• If you are having a baby, or hoping and planning to have a baby, do you know your maternity rights?

  • If your wife, sister or daughter is having a baby, would you help her stand up for her maternity rights?

  • If you are an employer, would you grant her the rights she is entitled to? If you are a trade union member, would you work to improve maternity leave provisions?

Throw the stone  
(see figure above) 

The stone represents the minimum requirements to enable women to work and breastfeed. We must throw the stone in and create the ripples of social support to change society. YOU can throw the stone to create the ripples and help to shape the laws to protect women's rights to maternity protection: 

  • at family level - share child care and support measures for parental leave. 

  • at community level - create community creches and breastfeeding counselling services.

  • at workplace level - take maternity leave if you have it or mobilise support to instate maternity leave; advocate nurseries and breastfeeding facilities in the workplace.

  • at national governmental level - ratify the ILO Conventions, enact and enforce adequate maternity leave legislation.

  • at regional level - -support maternity leave provisions in countries in your region and adopt supranational directives (such as the European Community Directive) which are binding on member states.

  • at international level - pressure the ILO to revise and update the 1919 and 1952 Conventions by 1996, in accordance with the Convention for the Elimination of all forms of Discrimination Against Women (CEDAW) which provides for revision of legislation, including maternity legislation.

Existing provisions  

The 1985 ILO global survey of maternity benefits analysed national legislation of 127 countries for which information was available. This review found that the average length of maternity leave in the world was between 12 and 14 weeks. Approximately 25% of the countries provided less than this average; many of these were developing countries. 

In 1990, the IBFAN Latin America Coordinating Officer reviewed maternity leave provisions in 28 countries in Latin America and the Caribbean. Like the ILO survey, IBFAN found that many countries have laws and regulations concerning maternity leave. The nature and scope of the provisions varied: laws relating exclusively to maternity protection, laws on female labour, labour codes, laws on conditions of employment in certain sectors of the economy, social security laws and labour ordinances or regulations. A large number of countries also have collective agreements to reinforce and supplement existing legislation or fill the gap where there is no such legislation. 

In spite of these provisions, many women do not have maternity protection because these provisions mainly cover women who are employed in the formal sector. Also, there is very little information available about the enforcement of these provisions. There are some reports that often women do not take full advantage of maternity protection laws and regulations because they themselves are not aware of them. 

In Guatemala, women with social welfare coverage are entitled to 75 days of maternity leave. They are entitled to 100% of earnings during maternity leave which is to be paid by the employer if the workers are not covered by social welfare. There is prohibition of dismissal on account of pregnancy and provisions exist for nursing breaks when women return to work. The Ministerio de Trabajo y Previson Social and Oficina Nacional de la Mujer, in collaboration with the Comision Nacional de Promocion de la Lactancia Materna has developed an illustrated booklet to inform women about existing laws.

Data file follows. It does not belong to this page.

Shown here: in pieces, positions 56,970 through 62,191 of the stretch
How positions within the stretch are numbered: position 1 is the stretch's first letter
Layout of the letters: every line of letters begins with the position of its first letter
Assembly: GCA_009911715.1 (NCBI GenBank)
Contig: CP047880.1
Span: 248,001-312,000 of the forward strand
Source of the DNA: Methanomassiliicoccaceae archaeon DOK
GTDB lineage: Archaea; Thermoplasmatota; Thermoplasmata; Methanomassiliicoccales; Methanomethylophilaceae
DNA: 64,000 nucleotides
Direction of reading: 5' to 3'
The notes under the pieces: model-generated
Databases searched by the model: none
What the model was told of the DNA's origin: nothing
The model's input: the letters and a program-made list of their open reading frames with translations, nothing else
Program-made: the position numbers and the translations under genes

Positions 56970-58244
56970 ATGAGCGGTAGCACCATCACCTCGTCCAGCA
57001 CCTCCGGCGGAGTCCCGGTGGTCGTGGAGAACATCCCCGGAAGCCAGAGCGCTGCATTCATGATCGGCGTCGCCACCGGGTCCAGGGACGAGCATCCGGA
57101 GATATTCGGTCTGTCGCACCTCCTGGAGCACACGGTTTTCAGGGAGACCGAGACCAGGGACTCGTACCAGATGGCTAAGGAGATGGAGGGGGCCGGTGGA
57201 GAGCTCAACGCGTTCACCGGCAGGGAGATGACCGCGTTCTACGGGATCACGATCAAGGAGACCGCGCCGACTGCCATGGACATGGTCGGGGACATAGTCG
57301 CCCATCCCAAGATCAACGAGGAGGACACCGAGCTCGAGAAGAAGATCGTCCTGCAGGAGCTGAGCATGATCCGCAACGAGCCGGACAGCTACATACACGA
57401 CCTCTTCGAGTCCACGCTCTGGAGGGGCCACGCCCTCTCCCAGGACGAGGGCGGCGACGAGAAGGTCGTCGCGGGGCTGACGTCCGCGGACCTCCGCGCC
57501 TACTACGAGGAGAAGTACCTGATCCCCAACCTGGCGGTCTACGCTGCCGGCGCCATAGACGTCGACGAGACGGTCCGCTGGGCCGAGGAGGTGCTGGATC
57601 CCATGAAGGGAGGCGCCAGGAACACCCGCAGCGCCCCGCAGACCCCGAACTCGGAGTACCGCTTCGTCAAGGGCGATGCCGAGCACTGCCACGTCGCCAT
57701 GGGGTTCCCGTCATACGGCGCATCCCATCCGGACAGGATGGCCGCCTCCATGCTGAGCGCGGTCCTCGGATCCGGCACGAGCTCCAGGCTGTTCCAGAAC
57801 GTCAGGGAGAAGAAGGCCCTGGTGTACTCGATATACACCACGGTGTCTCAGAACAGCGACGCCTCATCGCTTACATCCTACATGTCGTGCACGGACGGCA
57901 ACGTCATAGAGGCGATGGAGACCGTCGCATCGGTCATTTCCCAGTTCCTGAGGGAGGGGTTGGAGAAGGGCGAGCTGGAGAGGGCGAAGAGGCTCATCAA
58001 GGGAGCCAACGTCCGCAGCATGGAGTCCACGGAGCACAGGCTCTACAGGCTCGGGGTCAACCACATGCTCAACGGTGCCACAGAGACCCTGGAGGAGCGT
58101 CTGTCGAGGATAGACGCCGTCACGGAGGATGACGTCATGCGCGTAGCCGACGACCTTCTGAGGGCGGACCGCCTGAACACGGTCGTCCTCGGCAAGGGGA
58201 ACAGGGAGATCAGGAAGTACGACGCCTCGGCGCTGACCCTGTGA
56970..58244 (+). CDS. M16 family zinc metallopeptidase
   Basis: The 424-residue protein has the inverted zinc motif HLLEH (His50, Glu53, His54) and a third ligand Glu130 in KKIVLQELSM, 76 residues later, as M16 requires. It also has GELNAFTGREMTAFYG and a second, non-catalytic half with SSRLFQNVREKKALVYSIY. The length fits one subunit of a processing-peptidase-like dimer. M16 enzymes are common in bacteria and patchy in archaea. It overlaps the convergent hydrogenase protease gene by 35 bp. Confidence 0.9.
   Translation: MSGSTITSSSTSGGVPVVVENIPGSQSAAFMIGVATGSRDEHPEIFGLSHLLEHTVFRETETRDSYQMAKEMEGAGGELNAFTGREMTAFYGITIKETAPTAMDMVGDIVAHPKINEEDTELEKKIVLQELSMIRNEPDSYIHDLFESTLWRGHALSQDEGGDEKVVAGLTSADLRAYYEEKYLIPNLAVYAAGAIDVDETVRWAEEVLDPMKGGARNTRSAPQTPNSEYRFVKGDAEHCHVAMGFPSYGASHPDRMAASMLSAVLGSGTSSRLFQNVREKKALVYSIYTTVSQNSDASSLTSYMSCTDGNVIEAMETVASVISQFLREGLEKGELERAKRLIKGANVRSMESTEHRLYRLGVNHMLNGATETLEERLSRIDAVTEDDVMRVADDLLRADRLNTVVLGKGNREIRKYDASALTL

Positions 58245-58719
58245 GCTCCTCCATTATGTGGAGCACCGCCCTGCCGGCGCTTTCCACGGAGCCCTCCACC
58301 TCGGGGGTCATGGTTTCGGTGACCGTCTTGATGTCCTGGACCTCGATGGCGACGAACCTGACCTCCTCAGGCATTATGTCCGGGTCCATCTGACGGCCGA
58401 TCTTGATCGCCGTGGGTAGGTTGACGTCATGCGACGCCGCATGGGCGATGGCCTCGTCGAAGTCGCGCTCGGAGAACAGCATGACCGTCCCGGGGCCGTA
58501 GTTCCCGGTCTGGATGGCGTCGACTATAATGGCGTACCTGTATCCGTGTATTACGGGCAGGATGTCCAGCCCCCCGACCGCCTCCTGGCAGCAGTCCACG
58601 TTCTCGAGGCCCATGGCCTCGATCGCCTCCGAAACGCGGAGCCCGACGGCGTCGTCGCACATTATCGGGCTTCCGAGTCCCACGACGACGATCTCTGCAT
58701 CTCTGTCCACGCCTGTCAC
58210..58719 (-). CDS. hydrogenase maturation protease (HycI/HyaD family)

A central issue in the debate concerning maternity leave is who should pay for it and how. A common argument against paid maternity leave is that it is costly to the employer. To estimate the true cost of maternity leave, employers need to consider the cost of alternatives, for example, the cost of replacing the employee. Studies show that often it is far less expensive to support leave than to replace an employee. It should be noted that the taking of maternity leave would have a low incidence in the working lives of women in Australia, it is estimated that only about 2.8% of the total labour force are potentially eligible for maternity leave annually. Models and guidelines for estimating cost can be found in the Australian document "Paid Maternity Leave" and the Family and Work Institute manual "Parental Leave and productivity"

The discussion paper on paid maternity leave by the National Women's Consultative Council of Australia points out that where provisions are voluntary, they tend to benefit mainly highly paid women in the formal sector. Employer funded maternity leave is likely to increase retention of skilled staff, encourage employer investment in human capital and bring productivity and staff morale as well as facilitate an expansion in the national skills base. Unfortunately, it could also create disincentive to employ women of child bearing age, increase casualisation of the workforce and create difficulties for small business. 

The advantages of individual funding are: there are no large increases in government spending and no disincentives to employ women; casual workers are able to participate and receive benefits. However, this option does not recognise the social value of children, only more highly paid women would be likely to afford to make savings and would probably be feasible for the first baby. Government funding would ensure that maternity benefits are available to lower-paid women as well as more highly paid women. But it would involve increase in government spending, could be subject to income tests unlikely to be paid at wage rates, and so could become a targeted income support payment not linked to employment.